One of the key ways for us to successfully communicate our experience of coffee is to use a common language. Rather than a subjective ‘tastes like grandma’s spiced fruit cake’, which doesn’t translate so well when you’re talking to someone in Rwanda, we need to use a set of words that we can all understand.
Enter the World Coffee Research (WCR) Sensory Lexicon and new Coffee Flavour Wheel. These two resources have been released recently, but they represent the most comprehensive coffee taste research projects to date. The Sensory Lexicon is essentially a library of 110 words for the flavour, aroma and texture attributes of coffee which form the basis for describing quality.
Check out the full breakdown of this amazing resource: World Coffee Research Sensory Lexicon
Paired with this comes the new Coffee Flavour Wheel from both the WCR and SCAA – an intuitive tool for the coffee taster to navigate their way through to specific descriptors of their coffee experience.
See how to use the Flavor Wheel: How to use the Coffee Tastes Flavour Wheel in 8 Steps
Aside from these shiny new tools, there’s also the SCAA Cupping Form which is the foundation of much of our communication about coffee. Breaking down key attributes of coffee to a 100-point scale, the Cupping Form is the most widely adopted method of scoring and quantifying the characteristics of a given coffee. Users of the form agree on the language for each key attribute like body, acidity and aftertaste, allowing for effective communication about each of these in the cup.
Here’s a quick break down of each of the categories discussed on the form:
Now we understand some of the inputs of flavour perception and a few of the tools we can employ to communicate our experiences, we can use this framework to step up our coffee talk even further. Here’s a few guidelines to follow:
1. Broaden Your Perspectives
It’s very easy to get stuck in our own little bubble of coffee drinking, gravitating towards that which we’ve enjoyed previously. But this is the road to a boring coffee future! So, make choices to taste coffee which has been roasted differently to your norm, imbibe origins you would usually avoid and try crazy processing methods that sound almost as if you’re making wine. As you taste a wider variety of coffee and hear how others describe their beverages, you’ll continue to build up a library of both reference words and flavour experiences to draw upon and contrast against.
One of the best ways to garner this experience is to taste alongside experienced people in the industry. Along with our monthly Curated Cupping series, there are a plethora of open cuppings hosted by roasters around the country which are well worth attending.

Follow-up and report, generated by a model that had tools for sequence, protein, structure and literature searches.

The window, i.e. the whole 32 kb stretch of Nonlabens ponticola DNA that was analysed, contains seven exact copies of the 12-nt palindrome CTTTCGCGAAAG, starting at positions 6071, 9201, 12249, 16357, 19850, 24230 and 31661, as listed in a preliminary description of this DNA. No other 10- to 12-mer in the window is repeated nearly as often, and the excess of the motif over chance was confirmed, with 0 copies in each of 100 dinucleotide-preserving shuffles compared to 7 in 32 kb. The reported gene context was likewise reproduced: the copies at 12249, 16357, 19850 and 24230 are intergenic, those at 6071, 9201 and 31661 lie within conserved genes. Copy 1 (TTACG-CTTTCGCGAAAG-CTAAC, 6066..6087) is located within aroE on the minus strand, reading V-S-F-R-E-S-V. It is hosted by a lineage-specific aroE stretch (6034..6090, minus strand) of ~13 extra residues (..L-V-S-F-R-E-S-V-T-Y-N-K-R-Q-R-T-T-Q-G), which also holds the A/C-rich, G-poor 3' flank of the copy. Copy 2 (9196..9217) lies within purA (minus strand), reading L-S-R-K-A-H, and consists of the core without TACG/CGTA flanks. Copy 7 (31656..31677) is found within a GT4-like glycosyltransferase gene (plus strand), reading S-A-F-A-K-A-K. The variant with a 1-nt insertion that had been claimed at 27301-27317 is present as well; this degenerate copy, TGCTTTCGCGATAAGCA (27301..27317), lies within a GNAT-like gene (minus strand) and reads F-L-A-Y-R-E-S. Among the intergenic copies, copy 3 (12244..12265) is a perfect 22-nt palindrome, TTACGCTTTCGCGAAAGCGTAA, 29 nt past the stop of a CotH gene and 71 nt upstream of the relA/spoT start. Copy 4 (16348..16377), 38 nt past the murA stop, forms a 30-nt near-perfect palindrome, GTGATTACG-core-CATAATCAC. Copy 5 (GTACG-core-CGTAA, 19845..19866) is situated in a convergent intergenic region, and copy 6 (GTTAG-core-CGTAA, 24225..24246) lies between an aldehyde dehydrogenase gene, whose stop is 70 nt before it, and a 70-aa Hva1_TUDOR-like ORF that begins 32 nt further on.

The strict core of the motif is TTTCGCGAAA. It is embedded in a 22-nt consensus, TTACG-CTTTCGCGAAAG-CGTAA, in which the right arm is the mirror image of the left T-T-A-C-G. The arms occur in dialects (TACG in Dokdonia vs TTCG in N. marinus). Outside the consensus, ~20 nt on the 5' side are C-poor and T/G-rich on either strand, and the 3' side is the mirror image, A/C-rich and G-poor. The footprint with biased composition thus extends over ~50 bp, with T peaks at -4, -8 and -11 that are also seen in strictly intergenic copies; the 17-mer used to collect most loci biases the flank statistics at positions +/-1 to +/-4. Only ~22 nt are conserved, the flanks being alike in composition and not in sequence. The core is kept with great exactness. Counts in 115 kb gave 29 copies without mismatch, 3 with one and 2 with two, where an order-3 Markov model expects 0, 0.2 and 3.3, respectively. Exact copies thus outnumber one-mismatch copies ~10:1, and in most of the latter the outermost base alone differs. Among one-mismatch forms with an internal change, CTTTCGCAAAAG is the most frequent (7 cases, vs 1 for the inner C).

2. Palate Training
Coffee tasting and our perception of flavour are very much like training a muscle – the more you exercise your taste buds and perception of flavours, the more you will build this ‘palate memory’ and connection with specific descriptors. (The Flavour Wheel, mentioned above, is a great resource.) Taste as much as you can and try to describe what you’re experiencing. Read the flavour notes offered by the roaster on their coffees and compare it to what you’re getting in the cup. Does it match what you’re tasting or would you describe differently? Use the Cupping Form to help structure this approach and you’ll find it increasingly easy to distinguish each of the elements in your cup.
3. Stop, Calibrate and Slurp
Lastly, you can take your coffee commentary to a higher level by making use of industry recognised calibration. Earlier in March, we hosted the Q Grader course at our Sydney Barista Academy. A gruelling week-long course which is designed to test gustation and olfactory senses in a way that attempts to remove biases and set up objective coffee assessment, the Q Grader is more than just a test, it is also a process of shaping, refinement and calibration. Q certification means that the graduate has shown the ability to cup and taste to a certain standard and to calibrate to this globally recognised system, a system which attempts to bring a common language and calibration around coffee value.
Coffee Ain’t Just Coffee
Our ability to navigate towards a brew we love, and effectively describe and promote the distinctive and delicious flavours each coffee offers is dependent on our ability to perceive and then communicate these sensory experiences. This isn’t all about breaking a coffee down into drab analytical components. Ultimately, understanding both the mechanics and language at play will help us to sit back and share brews that we love, again and again.